Wright Flyer Replica

The original Flyer was flown four times by Orville and Wilbur Wright on December 17, 1903, near Kitty Hawk, North Carolina, becoming the first powered heavier-than-air craft to display sustained controllable flight.  The original is on display in the National Air and Space Museum in Washington, DC. 

The replica aircraft was commissioned by the State of Minnesota to celebrate the centennial of the first flight in 2003.  It was built by Flight Expo Inc., a volunteer nonprofit group in Princeton, Minnesota, which has loaned the aircraft to Wings of the North for display. 

General characteristics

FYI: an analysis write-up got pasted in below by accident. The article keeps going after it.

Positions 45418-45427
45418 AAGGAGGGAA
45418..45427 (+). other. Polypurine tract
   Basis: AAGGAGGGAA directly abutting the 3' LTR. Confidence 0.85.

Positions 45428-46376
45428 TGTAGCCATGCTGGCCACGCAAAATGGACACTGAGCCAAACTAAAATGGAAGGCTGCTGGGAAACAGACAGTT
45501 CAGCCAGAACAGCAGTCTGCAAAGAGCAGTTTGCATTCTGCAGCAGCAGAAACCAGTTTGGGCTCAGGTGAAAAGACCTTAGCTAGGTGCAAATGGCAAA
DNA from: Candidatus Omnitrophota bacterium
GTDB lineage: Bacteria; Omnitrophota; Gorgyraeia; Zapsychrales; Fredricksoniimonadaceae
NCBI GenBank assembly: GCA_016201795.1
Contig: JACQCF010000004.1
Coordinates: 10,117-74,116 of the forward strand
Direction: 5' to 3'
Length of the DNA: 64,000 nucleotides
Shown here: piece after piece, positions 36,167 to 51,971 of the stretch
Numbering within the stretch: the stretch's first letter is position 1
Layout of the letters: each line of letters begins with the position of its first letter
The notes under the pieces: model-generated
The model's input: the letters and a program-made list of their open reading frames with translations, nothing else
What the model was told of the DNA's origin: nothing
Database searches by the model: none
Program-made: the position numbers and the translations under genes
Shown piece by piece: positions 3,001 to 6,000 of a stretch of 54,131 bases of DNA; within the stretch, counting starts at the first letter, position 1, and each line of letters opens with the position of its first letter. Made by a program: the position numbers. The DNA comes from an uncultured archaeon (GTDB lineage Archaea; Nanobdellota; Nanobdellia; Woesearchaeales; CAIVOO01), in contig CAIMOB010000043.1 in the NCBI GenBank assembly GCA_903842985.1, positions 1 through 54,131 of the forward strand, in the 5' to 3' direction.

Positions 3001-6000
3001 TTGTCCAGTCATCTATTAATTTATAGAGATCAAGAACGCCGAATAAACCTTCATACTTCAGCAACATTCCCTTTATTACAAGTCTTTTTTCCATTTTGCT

Crew: 1
Length: 21 ft 1 in (6.43 m)
Wingspan: 40 ft 4 in (12.29 m)
Height: 9 ft 0 in (2.74 m)
Wing area: 510 sq ft (47 m2)
Empty weight: 605 lb (274 kg)
Max takeoff weight: 745 lb (338 kg)
Powerplant: 1 × straight-4 water-cooled piston engine, 4 inches (102 mm)
bore by 4 inches (102 mm) stroke.[3] , 12 hp (8.9 kW) 170 lbs (77.11 kg), (2
x Wright “Elliptical” props, 8 ft 6 in (2.59 m), port prop carved to
counter-rotate left, starboard prop carved to rotate to the right)

Performance

Maximum speed: 30 mph (48 km/h, 26 kn)
Service ceiling: 30 ft (9.1 m)
Wing loading: 1.4 lb/sq ft (6.4 kg/m2)
Power/mass: 0.02 hp/lb (15 W/kg)